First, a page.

Where they differ: The biggest difference between Trump and Pence when it comes to foreign policy is their respective stances on the Iraq War. Pence supported it, while Trump claims that he was against it from the beginning.

Gun Rights

Pence has received an “A” rating from the National Rifle Association, which has financially supported his campaigns for the House and for governor. He supports a national right to carry a firearm in public, and in 2004, as a member of the House, he voted to repeal gun control laws in Washington. He wrote on Twitter in June that he “will always be a strong proponent of the Second Amendment.”

Where they differ: Trump is also very pro-gun, but he has expressed openness to restricting people on terrorist watch lists from buying firearms.


Pence has said he supports free trade, but he has also raised concern over the enforcement of trade agreements with China. Specifically, he asked the federal government to investigate allegations that Chinese steel companies were dodging tariffs in deals with U.S. businesses. As governor, Pence visited nations like Japan and Germany on trade missions meant to stoke Indiana’s trade relationships with international businesses.

Where they differ: While Pence has expressed support for the Trans-Pacific Partnership trade deal, Trump regularly rails against it. Trump has also threatened to impose tariffs on imports from foreign countries to protect U.S. jobs.

Economy and Budget

The Cato Institute, a libertarian-leaning group, called Pence a “champion tax cutter” and lauded his “frugal” spending record. As governor, he repealed Indiana’s inheritance tax and lowered taxes on corporate income and business property. In 2010, Pence proposed a bill in the House that would have instituted a limit on federal spending, but the idea did not have enough support to pass.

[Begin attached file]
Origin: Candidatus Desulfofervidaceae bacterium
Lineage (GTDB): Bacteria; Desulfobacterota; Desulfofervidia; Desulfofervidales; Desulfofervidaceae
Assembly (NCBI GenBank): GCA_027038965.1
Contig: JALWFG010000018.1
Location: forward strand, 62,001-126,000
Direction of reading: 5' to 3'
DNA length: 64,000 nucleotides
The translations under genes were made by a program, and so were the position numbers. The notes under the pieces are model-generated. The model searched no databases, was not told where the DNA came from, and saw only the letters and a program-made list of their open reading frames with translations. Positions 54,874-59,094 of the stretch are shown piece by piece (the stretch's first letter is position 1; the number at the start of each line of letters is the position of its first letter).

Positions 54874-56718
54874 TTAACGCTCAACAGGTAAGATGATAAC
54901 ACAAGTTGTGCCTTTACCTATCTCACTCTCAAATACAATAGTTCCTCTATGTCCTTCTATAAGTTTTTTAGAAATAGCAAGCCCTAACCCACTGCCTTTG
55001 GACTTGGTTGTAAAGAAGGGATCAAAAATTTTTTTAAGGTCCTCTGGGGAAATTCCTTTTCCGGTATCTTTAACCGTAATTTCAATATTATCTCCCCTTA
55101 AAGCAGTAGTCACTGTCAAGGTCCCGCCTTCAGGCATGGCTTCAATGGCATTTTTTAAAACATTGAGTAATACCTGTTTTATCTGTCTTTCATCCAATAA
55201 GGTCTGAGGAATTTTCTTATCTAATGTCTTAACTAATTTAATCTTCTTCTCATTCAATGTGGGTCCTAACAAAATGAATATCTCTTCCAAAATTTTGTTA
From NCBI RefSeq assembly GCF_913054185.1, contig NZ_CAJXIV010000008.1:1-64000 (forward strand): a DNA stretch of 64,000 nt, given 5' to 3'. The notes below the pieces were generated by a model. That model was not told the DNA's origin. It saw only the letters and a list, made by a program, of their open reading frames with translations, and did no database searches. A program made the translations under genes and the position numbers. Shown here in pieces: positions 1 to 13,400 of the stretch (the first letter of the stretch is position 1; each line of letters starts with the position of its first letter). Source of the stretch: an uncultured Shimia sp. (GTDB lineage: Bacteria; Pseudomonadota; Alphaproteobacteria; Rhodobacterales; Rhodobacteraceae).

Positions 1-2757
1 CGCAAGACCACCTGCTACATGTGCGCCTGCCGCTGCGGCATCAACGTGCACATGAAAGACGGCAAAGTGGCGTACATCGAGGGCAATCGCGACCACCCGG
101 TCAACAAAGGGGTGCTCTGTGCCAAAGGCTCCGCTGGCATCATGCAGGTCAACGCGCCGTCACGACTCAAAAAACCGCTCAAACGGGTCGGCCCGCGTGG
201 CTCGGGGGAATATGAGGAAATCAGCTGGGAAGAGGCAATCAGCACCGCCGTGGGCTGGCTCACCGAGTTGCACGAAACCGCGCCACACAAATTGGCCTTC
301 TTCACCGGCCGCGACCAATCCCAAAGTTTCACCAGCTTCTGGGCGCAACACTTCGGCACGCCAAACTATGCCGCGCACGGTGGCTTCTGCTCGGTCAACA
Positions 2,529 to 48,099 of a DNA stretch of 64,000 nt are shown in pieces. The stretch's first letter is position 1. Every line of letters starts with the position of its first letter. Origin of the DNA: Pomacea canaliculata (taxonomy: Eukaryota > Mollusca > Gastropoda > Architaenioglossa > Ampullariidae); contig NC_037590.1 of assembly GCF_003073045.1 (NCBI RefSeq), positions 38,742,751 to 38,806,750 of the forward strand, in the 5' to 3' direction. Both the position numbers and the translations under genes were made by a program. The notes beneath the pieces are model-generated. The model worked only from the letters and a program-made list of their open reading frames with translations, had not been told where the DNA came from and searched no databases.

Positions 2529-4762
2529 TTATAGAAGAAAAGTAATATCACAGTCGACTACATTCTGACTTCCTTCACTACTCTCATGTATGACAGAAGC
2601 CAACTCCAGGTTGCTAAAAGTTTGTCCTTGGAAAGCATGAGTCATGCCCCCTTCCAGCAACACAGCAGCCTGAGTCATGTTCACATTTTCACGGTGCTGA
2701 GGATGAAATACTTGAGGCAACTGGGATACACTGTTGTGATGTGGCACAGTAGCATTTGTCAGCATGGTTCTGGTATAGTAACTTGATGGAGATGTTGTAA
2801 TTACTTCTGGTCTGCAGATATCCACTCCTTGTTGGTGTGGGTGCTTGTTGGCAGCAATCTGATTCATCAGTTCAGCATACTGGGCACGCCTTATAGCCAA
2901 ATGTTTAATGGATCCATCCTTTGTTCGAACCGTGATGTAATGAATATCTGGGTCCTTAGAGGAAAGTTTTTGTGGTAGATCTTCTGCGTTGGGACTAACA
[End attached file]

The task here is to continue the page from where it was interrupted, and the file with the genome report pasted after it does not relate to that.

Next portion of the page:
Where they differ: Trump has promised big tax cuts, but he does want to close some loopholes, such as the one on carried interest, that benefit the rich.


In 2015, Gov. Pence threatened to disobey the Obama administration’s orders to lower carbon emissions unless the regulations underwent extensive changes. Pence said the regulations would “raise electricity costs on Hoosiers, result in less reliable electricity and impede economic growth and prosperity in Indiana and the rest of the country.” He said the Clean Power Plan was “ill conceived and poorly constructed,” and he accused the Environmental Protection Agency of going beyond its legal authority in enacting the rules under the plan. Under Pence, Indiana joined several other states that have tried to block the Clean Power Plan in court.

Where they differ: Trump and Pence are largely in agreement on energy and the environment. Trump is also against regulations to limit carbon emissions. Like Pence, he has doubts about the reality of climate change. And he has expressed concern about the dangers that windmills pose to birds.


Pence was one of only 25 Republican congressmen who voted against President George W. Bush’s No Child Left Behind policy. As governor, he challenged conservative Republicans in the state Senate to support legislation to establish a preschool program that would primarily serve children in poor families. He vocally supported school choice and setting learning standards at the local level, and he pushed to direct state support toward technical and vocational education programs.

Where they differ: Trump has said little about his education plans other than that he is against Common Core and that “education has to be at a local level.”

© 2016 New York Times News Service